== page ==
There was a fully equipped karaoke station, and of course, a huge bonfire at night, singing, laughing, and a little bit of falling down.
Yup, that’s an actual camera
While everyone has phones and takes photos and videos constantly, I was only one of two people that I noticed using an actual camera (my trusty Fuji X100T). I always keep it around my neck so that people stop noticing it after a while, and with its silent action, and small format, it is easy to blend in and get shots without anyone really paying any attention at all. These are my favourite kinds of photos – the ones that plant you right in the middle of the action without anyone posing for a photo.
On the second night we lit lanterns for two fathers, our Uncle Johnny and my father, Rick, both of whom passed away this year. It was a tragicomic success, with the fiery lanterns nearly crashing into one of my cousins, then almost burning down a tent before finally getting lift off out over the neighbour’s corn field, their passage marked by the sounds of people shouting “Lookout!” while others harmonized “Amazing Grace”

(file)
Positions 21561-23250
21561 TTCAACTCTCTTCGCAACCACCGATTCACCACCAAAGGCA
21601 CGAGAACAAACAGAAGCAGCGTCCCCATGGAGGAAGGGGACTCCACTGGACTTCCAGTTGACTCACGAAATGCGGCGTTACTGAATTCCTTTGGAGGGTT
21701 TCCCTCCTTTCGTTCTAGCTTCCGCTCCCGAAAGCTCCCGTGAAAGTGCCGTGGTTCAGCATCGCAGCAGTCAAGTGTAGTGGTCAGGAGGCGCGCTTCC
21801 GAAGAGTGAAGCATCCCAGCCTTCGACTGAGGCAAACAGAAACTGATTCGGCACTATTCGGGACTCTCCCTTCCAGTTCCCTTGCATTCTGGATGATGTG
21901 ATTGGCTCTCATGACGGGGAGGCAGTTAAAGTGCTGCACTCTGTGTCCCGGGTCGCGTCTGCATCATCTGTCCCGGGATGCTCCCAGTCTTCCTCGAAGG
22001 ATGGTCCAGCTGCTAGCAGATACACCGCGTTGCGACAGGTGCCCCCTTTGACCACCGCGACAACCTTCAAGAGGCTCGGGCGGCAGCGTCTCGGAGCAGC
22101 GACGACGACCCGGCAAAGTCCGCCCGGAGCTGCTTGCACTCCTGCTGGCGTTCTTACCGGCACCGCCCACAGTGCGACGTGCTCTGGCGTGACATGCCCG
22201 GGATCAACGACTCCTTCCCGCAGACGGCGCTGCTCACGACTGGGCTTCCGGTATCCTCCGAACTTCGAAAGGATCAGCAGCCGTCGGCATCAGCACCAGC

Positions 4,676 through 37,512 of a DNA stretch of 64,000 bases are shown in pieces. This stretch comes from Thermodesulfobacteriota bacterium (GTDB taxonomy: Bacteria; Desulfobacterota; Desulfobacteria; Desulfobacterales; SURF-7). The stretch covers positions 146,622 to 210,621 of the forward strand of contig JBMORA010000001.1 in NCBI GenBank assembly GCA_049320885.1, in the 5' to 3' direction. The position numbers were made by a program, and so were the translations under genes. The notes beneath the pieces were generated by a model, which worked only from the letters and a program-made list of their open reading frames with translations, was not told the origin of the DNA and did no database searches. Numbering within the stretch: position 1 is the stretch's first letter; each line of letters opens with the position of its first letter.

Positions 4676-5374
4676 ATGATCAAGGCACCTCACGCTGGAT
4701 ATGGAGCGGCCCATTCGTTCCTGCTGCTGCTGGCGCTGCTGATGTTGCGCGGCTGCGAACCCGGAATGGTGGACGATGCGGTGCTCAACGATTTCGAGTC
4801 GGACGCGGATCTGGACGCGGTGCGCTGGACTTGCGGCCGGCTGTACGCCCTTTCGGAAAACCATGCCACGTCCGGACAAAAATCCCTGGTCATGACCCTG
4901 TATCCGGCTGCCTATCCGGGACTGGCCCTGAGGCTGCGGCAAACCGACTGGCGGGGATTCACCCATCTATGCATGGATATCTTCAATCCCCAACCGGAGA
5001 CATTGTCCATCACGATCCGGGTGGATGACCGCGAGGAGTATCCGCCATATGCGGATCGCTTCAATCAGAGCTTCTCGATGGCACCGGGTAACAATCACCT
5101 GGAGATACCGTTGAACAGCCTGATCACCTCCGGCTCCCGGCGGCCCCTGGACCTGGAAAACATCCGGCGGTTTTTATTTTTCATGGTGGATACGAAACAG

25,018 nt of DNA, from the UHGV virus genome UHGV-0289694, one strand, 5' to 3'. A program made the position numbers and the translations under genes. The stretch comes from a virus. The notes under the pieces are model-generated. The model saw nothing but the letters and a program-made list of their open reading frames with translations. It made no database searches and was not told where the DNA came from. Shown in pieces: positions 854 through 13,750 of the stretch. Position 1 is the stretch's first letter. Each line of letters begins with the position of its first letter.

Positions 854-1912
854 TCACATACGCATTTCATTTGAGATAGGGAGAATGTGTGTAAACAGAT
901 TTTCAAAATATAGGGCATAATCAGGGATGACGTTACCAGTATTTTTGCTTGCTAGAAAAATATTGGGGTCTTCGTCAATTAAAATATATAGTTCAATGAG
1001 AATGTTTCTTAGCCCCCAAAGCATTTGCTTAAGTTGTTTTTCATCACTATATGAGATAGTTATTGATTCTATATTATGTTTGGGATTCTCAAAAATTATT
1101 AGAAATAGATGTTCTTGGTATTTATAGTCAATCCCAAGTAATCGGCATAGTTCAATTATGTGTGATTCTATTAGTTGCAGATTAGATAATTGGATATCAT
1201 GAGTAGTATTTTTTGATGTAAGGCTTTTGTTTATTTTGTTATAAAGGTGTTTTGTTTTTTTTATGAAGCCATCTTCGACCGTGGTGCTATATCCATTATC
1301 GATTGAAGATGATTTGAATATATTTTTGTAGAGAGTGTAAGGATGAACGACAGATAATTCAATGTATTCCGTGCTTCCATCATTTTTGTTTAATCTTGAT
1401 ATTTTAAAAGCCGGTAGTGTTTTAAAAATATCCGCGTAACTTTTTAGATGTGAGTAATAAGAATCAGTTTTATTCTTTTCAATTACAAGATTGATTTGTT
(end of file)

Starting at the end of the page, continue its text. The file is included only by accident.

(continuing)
We cried, we laughed, we drank, we fell down, we stood up, slept badly if at all, or passed out cold and slept the sleep of the dead, with everyone looking forward to their own bed’s and next year’s gathering.
A recent trend in company town halls and employee meetings is presenting in the round, where the stage is set in the middle of the conference room flanked by audience members (usually split into four sections).
In the spirit of lessening the distance between the executive team and rank-and-file employees, the format allows for a more congenial presentation style. As the main stage is centred there is a much broader face of the audience to address and the most distant row is only a few layers back. In presentations, as in any relationship, proximity is power and the closer one stands physically to the audience, the greater the impact.